Music is a calling. There is no denying that. We can all try to build a life that will suit us best. But when music comes calling there is no denying it. Our recent discovery Austin Mulka has answered that musical call.
We had a chance to chat with the soulful rising rock star to get a little deeper into his journey. Enjoy the interview here:
First off, what drives Austin Mulka to create music?
I’m driven by the desire to capture how I’m feeling and express unconventional viewpoints in a socially acceptable manner.
How would you describe your sound?
I would say my sound is very smooth and clean. My genres range from pop, rock, alternative, and jazz—but my songs are always very polished.
Which artists have had the biggest influence on you?
All time, my biggest influences have been the Beatles, Michael Jackson, Stevie Wonder, Queen, Bill Withers, and The Temptations. As for more modern artists, I’ve been really influenced by Regina Specktor, Ben Folds, Fiona Apple, and Rebecca Sugar.
Through your college career, it looked you you were heading for a career in politics. What prompted the change to music?
I went into politics because I had a lot of ideas and solutions to problems. I was always really into solving puzzles and brain teasers and loved learning about STEM. But, politics wasn’t what I expected and just wasn’t my thing. I wasn’t very good at it and I was very immature when I first started.
The biggest reason, perhaps the nail in the coffin for my political aspirations, was because of a speech made at a political conference by a speaker named T.K. Coleman. T.K. made a pitch for Entrepreneurship being the best way to help lives and make social change and it really inspired me. I I realized I could do whatever job I wanted and still make contributions to society. So I decided to do what my heart called me to do, which was music, and pursue my crazy save the world soultions on the side. Regardless of how my music career goes, I plan to donate and promote things like Bio-energy with carbon capture and storage, CRISPR, and various other ideas I believe will benefit humanity. Yet, I am also doing what I love to do—writing and recording music.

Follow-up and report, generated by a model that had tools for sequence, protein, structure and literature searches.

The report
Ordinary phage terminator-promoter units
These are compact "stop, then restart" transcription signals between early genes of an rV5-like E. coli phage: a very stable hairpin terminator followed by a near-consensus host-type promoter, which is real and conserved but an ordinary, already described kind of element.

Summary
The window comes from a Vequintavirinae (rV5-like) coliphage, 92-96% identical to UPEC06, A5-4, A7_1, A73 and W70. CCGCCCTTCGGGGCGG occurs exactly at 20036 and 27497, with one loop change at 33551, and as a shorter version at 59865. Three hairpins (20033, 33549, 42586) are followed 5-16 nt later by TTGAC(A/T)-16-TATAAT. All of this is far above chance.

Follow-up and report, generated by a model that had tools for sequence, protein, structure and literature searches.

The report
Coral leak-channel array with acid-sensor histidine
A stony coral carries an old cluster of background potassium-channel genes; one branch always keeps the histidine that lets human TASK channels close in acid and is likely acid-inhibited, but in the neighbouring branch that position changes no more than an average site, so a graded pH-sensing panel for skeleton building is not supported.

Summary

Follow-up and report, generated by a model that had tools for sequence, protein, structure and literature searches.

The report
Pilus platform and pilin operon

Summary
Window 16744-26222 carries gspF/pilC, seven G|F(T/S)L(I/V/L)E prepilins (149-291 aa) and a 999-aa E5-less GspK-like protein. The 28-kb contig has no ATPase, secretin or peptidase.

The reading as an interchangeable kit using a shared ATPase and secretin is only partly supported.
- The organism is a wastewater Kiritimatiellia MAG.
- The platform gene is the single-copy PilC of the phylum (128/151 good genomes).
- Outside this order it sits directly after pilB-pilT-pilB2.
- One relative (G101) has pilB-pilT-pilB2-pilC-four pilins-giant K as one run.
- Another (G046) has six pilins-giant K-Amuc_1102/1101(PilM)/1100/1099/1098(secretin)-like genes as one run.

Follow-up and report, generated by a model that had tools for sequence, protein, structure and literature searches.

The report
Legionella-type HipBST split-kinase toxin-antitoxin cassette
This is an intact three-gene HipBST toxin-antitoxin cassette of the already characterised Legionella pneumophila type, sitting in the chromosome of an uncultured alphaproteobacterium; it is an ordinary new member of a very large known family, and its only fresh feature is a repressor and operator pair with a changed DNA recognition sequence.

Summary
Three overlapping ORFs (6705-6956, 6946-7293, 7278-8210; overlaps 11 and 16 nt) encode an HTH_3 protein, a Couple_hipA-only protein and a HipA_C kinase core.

Tell us about your songwriting process. How does a song come together for you?
Songwriting for me is generally a three step process. First there is an outburst of emotion. If that emotion is sadness or anger, the first step is usually a mess. When it’s a burst of inspiration or an epiphany, however, I usually have a pretty solid first draft! During the emotional burst I record (usually about 10-20 minutes) everything I’m playing and singing and write everything down.
When im in a more clear head, I will pick a recording and analyze what I was feeling. During this second step, I sort out the emotion and structure all of the musical parts and melodies into a verse, prechorus, chorus and bridge.
Finally, in the last step, I really try to make the song objectively significant. It’s different each time. In one song, since it was a love song, I changed the lyrics a bit to make it in iamabic pentameter since that’s universally known as a heartbeat. Or, I’ll exchange a lyric with a witty metaphor, really examine my word choice. Etc. This is usually my longest step, because I never feel a song is finished.
What do you hope the listener takes away from an Austin Mulka song?
I hope my listeners are able to connect my music to their own experiences and find solace.
What advice would you give to other artists pouring their heart and “Soul” into their music?
Don’t be afraid to look stupid and don’t play for anyone else but yourself. Stay true and be unashamed of your feelings and your music. Don’t write music you think is bad because others like it, or not write music you love because others don’t. You’ll be loved and hated no matter what, might as well be genuine.
Where do you see the career of Austin Mulka in the future?
Regardless of my popularity, I see myself improving as a musician. I plan on becoming a better singer, songwriter, pianist, guitarist, and performer. I don’t care if I’m performing in front of 2 or 2,000 people as long as I know I’m giving a good performance.